The Discreet Pleasures of Rejection by Martin Page, translated by Bruce BendersonThere are, I guess, worse ways to get dumped than by a message on an answering machine. A text message would be pretty bad. A Hello Kitty e-card. A singing telegram. But the answering machine message breakup is a particularly painful kind of romantic torture -- not only does it means you've been dumped, but it also means you're one of the 12 people left on Earth who still uses an answering machine. The only way it could be even more humiliating is if the person dumping you is someone you weren't dating, someone you've never even met.
That's the premise of Martin Page's The Discreet Pleasures of Rejection, the French author's second novel to be translated into English, after the 2004 American publication of How I Became Stupid. Virgil is a young Frenchman living in Paris, working at an advertising agency, and getting dumped on a fairly regular basis. He lives in a dreary apartment building where he's the only tenant who's not a prostitute, and sees a psychotherapist on a disturbingly regular basis. He comes home one day to find an answering machine message from a woman named Clara: "I'm sorry, but I'd rather stop here. I'm leaving you, Virgil. I'm leaving you." He doesn't know her, immediately becomes convinced that he's going insane or dying of some rare brain disease, and generally freaks out, hounding his therapist, canceling his utility and telephone accounts, and trying to figure out what's happening to him.
You're forgiven if you're skeptical. The concept tends toward the absurd, the kind of plot that could veer dangerously close to overly precious and indulgent "existential treatise" territory, which generally is never a good sign. And the title is pretty terrible, though Page probably isn't to blame; the original French title was Peut-ętre une histoire d’amour (which translates, roughly, to A Love Affair, Maybe, which, come to think of it, isn't really that much better). Nevertheless, it would be a shame to skip this; while it's not an Earth-shattering accomplishment, it's a remarkably fun, unpretentious, and sometimes hilarious little novel.
The book wouldn't have worked, likely, if Page hadn't somehow made Virgil an oddly sympathetic character. There's no real reason he should be -- he's sarcastic to a fault, mopey, and neurotic in a sometimes annoying way. He initially plays the end-of-the-relationship-that-never-actually-was card to his advantage, letting his (exclusively female) friends take him to dinner and fawn over him; you can tell he's hoping to spin it to his advantage and get his comforters to go to bed with him. (Which doesn't work in real life. Or, um, so I've heard.) He complains about his unluckiness in love, but he seems to sabotage himself -- as one friend points out to him, "You choose girls who inevitably reject you, just so you can confirm your paranoid isolation." But he's funny and he's mostly well-intentioned, and the pain caused by the phantom breakup gives him a sort of pitiable sad-eyed puppy-dog appeal. He's also refreshingly non-ambitious, which is kind of charming in its own way -- he turns down (repeatedly) an offer of a promotion and a raise from his employer, an advertising agency called (in one of the thankfully few too on-the-nose moments of the novel) Svengali. "Virgil was sure of it," writes Page, "in life you have to do your best at not losing and not winning, at the same time. Putting this into practice is tricky, since both poles have strong powers of attraction."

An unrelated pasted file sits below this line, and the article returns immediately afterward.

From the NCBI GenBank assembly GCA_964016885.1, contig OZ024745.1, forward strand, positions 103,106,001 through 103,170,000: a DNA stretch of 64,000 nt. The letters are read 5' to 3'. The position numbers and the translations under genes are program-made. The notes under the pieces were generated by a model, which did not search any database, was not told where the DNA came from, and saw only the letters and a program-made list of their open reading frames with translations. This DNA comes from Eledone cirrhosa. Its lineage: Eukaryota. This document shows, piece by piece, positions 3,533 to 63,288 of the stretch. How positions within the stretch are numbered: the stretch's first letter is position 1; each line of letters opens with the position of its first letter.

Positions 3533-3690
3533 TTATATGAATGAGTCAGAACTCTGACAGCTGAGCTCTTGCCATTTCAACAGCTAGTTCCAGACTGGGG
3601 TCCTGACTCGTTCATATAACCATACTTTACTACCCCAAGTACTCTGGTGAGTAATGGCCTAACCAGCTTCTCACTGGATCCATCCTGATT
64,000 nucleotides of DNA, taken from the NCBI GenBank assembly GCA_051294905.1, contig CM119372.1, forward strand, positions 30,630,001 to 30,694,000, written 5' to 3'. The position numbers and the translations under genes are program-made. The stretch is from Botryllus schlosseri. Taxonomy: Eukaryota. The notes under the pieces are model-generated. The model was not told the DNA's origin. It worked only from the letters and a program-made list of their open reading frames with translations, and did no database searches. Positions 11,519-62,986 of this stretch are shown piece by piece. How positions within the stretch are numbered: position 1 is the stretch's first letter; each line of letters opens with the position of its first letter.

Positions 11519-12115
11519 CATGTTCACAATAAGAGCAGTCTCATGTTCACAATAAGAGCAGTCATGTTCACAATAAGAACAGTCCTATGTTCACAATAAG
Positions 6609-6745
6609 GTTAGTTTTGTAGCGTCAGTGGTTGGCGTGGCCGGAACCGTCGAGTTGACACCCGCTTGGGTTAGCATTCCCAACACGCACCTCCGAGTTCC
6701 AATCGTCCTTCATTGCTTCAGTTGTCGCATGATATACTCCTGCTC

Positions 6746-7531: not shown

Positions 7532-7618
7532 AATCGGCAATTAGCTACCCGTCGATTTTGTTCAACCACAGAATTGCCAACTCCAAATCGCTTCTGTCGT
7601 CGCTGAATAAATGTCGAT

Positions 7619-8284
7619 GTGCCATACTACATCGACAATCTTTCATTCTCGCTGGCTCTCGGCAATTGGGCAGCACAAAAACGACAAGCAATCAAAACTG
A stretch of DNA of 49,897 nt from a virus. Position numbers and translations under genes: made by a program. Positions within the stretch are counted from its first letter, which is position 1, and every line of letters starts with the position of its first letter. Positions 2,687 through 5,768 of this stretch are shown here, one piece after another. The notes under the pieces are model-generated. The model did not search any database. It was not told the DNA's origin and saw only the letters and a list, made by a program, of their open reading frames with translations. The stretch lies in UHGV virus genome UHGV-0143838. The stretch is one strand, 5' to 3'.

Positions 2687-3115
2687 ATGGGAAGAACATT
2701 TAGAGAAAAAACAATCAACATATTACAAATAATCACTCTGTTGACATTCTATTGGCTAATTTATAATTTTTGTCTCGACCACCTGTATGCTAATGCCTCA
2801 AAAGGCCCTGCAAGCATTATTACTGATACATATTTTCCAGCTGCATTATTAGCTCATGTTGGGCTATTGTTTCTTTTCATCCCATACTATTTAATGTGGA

There is some philosophical meandering in the pages of the book, to be sure, but it's not post-grad-student heavy-handed, it's light and entertaining and actually kind of fun. Page has a keen eye for setting; he has an obvious affection for Paris, but it's not fawning -- you can tell he loves the dark side of the city, the run-down streets in the poor arrondissements, the students and starving artists, even the hookers and their johns. And he does a great job of ending the story where it needs to be ended, with no tricks, no grand epiphanies or dei ex machina.
Mostly, the book succeeds because Page is so undeniably charming. It's sometimes harder to execute a light, funny, short book than a huge, melancholic epic -- but Page has the skill, and the charisma, to pull it off. Bruce Benderson turns out to be an excellent translator; he preserves the uniquely French charm of the novel without resorting to preciousness. The Discreet Pleasures of Rejection might not change your life, but it's an entertaining journey, and it will ring a bell with anyone who's ever been dumped. Not that I'd, uh, know anything about that.
The Discreet Pleasures of Rejection by Martin Page, translated by Bruce Benderson